Obama enthrals young audience on campus

25 July 2011

Obama VisitSelf belief: US First Lady Michelle Obama (right) speaks to learners at UCT, in the company of vice-chancellor Dr Max Price and former vice-chancellor Dr Mamphela Ramphele.

For 45 or so minutes they listened attentively, posed their questions nervously but diligently when prompted, and were the very picture of self-restraint - to be expected when having an audience with the American First Lady and surrounded by cameras, microphones and security personnel.

The moment the formalities were declared over, however, the fetters came off. And the 50 high-school learners who had been invited to UCT to meet with Michelle Obama on 23 June shook off their reserve and swarmed her, delighted.

Obama responded in kind.

"It was very inspiring to meet someone successful who has gone through the struggles that we have gone through, and knowing that we can also be as successful as someone like her," enthused Salama Bavugamenshi (17) from the Oude Molen Academy of Science & Technology.

As vice-chancellor Dr Max Price pointed out to the learners in his welcoming talk - and which Obama then echoed - the day was all about them.

"The essence of Mrs Obama's message reinforces a core part of UCT's mandate," said Price; "to provide opportunities to learners with talent and motivation to gain access to a world-class higher education, regardless of their social class and in spite of their poorer schooling."

And that's exactly the message that Obama wanted to leave the learners, all from five local schools: the Cape Academy of Mathematics, Science and Technology in Constantia; the LEAP Science and Maths School in Pinelands; Oude Molen; Sophumelela in Mitchell's Plain; and Spine Road High School, also in Mitchell's Plain.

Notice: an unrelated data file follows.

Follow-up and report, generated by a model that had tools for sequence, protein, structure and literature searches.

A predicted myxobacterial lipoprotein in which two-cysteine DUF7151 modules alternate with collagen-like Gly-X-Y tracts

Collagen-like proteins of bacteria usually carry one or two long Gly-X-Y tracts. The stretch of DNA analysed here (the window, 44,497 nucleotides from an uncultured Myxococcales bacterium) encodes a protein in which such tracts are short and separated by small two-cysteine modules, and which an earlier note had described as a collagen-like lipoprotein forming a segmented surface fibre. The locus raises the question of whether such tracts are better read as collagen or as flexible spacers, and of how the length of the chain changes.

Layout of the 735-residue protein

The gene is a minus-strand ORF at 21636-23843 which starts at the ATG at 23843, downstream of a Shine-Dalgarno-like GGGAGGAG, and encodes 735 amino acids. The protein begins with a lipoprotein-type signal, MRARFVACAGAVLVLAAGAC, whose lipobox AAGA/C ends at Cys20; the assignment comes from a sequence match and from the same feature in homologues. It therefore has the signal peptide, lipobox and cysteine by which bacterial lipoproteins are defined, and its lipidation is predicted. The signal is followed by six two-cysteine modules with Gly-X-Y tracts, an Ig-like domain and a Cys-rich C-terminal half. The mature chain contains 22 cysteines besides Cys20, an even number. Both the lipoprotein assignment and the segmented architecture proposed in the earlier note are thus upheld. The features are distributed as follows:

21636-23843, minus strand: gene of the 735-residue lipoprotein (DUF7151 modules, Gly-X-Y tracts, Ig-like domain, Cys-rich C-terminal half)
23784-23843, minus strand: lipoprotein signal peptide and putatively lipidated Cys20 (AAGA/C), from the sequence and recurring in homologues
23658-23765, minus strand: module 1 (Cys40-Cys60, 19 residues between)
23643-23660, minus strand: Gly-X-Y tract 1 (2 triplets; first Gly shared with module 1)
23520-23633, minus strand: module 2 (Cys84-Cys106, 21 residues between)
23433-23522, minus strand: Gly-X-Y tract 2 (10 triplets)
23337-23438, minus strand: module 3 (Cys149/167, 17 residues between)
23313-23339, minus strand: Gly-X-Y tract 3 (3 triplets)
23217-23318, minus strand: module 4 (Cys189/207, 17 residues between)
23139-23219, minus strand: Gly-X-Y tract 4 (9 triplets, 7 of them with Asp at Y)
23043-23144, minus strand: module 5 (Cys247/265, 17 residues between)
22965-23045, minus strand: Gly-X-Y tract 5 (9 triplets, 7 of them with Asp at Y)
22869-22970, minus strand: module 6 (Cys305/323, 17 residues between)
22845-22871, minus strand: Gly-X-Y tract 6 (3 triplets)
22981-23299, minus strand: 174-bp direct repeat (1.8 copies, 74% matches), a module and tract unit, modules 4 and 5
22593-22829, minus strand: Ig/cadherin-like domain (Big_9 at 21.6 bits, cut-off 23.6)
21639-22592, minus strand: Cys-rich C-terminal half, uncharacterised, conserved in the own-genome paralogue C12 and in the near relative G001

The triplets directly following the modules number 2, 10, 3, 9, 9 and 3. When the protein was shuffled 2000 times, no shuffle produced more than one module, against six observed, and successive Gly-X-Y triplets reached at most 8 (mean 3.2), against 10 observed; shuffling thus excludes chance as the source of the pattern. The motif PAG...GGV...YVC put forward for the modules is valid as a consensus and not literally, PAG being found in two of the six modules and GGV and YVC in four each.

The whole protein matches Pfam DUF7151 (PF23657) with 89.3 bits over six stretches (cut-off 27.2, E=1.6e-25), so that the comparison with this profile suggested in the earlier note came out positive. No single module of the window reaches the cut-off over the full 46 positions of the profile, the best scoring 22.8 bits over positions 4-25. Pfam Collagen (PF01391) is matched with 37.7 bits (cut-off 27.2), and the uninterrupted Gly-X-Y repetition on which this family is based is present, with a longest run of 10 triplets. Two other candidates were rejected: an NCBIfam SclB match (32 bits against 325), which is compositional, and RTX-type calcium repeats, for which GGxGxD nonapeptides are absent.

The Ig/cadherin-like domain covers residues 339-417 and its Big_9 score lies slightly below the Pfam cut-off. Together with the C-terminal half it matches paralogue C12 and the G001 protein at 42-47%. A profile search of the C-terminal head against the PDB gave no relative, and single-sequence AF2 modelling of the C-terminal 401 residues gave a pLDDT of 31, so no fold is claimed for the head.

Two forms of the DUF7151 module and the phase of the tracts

Obama urged them to see and embrace the promise in themselves, and encouraged them all to believe in themselves and in what they can achieve. "Getting into a school like this isn't some kind of magical process," she said.

She recounted her own life story, and a little of that of her husband, and held up the example of former vice-chancellor and guest Dr Mamphela Ramphele, who, similarly, had to overcome many obstacles. And she advocated the virtues of visualisation - "see it" - and hard work.

"I can see the same promise in all of you as I do in my own girls," she told the learners. "When I see you, I see them; when I see them, I see you."


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Monday Monthly

Volume 30 Edition 10

25 Jul 2011

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